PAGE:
Note that while removing the blank sections doesn't make you lose anything, removing the MakerNotes actually has the effect that you lose some of your camera's proprietary metadata. The MakerNote section typically contains settings like digital zoom ratio, autofocus position, sharpening etc, that will be lost after processing. Use it only on copies of your files, for example when preparing them for web publishing.

Also note that this software may not work with your images. Each camera model stores the meta data and the image data a little bit differently, and the files may contain sections that the program can't handle. Photo editing software and camera-to-computer image transfer programs can also alter the structure of the files and insert unexpected data fields. Removal is done "in place" i.e. the original file will be replaced with the edited version. Back up important files first.

Download current version
exifcleaner has been reported to corrupt image files on some computers. I have not fully investigated when this happens, but I suspect it is an endianness issue. I have sucessfully run exifcleaner on big-endian platforms like MacOSX on PowerPC and Solaris on SPARC, but have had image files thrashed on a little-endian computer (Linux on x86). Only use exifcleaner on copies of your files.
Copy the file to a suitable directory, for example /usr/local/bin or somewhere in your own home directory. On some systems, it may be needed to rename it with a .pl extension, too.

Change the first line of the program to point to your own copy of Perl. /usr/local/bin/perl is common, and so is /usr/bin/perl (you probably can find out where your machine has it by typing whereis perl or which perl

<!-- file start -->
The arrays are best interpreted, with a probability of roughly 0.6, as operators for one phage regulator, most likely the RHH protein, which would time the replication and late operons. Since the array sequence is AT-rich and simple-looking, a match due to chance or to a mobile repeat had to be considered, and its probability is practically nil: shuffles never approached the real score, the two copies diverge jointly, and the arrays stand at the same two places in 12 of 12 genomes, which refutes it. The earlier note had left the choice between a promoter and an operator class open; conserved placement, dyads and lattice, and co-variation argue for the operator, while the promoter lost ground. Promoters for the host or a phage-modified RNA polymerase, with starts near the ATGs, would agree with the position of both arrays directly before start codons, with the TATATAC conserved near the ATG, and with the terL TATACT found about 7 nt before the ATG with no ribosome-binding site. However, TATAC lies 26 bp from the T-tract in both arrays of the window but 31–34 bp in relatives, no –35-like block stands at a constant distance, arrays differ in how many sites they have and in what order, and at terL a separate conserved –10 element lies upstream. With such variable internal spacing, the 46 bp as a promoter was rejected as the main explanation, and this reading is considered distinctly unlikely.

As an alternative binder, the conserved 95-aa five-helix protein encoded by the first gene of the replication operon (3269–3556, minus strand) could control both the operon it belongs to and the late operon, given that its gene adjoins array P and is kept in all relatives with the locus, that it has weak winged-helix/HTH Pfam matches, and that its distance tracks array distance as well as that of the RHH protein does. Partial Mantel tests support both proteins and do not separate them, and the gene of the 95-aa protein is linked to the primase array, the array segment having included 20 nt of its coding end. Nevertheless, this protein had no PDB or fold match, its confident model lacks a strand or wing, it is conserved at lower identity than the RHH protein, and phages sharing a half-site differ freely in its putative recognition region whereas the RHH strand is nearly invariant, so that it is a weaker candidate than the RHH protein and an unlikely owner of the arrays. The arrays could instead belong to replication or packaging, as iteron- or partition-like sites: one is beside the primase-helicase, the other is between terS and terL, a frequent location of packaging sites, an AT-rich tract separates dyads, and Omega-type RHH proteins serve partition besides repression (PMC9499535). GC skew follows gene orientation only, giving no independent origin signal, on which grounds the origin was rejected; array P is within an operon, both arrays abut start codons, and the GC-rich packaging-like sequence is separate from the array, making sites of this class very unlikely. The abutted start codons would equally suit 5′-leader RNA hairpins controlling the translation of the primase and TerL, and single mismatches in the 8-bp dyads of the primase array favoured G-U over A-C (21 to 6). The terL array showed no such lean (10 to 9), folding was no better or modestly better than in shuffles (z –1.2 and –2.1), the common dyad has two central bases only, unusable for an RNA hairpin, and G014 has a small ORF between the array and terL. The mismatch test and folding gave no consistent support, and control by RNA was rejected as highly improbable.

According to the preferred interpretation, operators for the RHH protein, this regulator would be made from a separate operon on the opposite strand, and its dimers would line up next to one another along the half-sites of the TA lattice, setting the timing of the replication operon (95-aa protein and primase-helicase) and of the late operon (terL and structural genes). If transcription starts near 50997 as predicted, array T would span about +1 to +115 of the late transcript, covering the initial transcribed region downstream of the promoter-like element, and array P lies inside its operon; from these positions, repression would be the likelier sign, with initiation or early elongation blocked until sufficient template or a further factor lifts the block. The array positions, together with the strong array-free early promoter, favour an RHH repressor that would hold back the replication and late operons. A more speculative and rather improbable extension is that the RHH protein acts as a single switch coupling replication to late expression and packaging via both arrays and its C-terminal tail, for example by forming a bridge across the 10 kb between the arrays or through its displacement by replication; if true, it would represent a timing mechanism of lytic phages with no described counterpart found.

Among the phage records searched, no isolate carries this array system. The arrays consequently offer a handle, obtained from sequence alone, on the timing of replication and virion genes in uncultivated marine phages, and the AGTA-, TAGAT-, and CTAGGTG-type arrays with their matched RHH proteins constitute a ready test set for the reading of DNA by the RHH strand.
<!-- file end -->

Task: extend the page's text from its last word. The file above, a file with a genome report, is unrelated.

To give the program execute permissions, type chmod 755 exifcleaner

The program is run from the command line in a Unix/Linux shell, the Terminal in MacOS X or similar.

exifcleaner [options] files
exifcleaner -r [options] dirs

options are:
Preserves the filesystem time stamp. The edited files has the same creation dates as the old files.
Just view the files without removing anything. The program presents a list of how much would be saved if the program was run without the -v flag.
A file name or a list of file names. The usual shell wildcards are supported.
Recursively scan directories and subdirectories in the argument list.
A directory name or a list of directory names. The usual shell wildcards are supported.
Tested cameras
Canon EOS 10D.JPG1474 bytes removed.
Canon EOS 300D1464 bytes removed.
Canon Digital IXUS689 bytes removed.
Canon Digital IXUS 4001193 bytes removed.
Canon Digital IXUS i1315 bytes removed.
Canon Digital IXUS v771 bytes removed.
Minolta DiMAGE Z149293 bytes removed.
Nikon D7026396 bytes removed.
Nikon D10025017 bytes removed.
Olympus Camedia C-2020 Z3276 bytes removed.
Olympus Camedia C-5060 WZ7979 bytes removed.
Olympus Camedia C-60 Z7191 bytes removed.
Olympus Camedia D-3071668 bytes removed.
Pentax *ist D55317 bytes removed.
Pentax Optio MX449172 bytes removed.
Pentax Optio S27902 bytes removed.
Pentax Optio WPi40k to 50k bytes removed.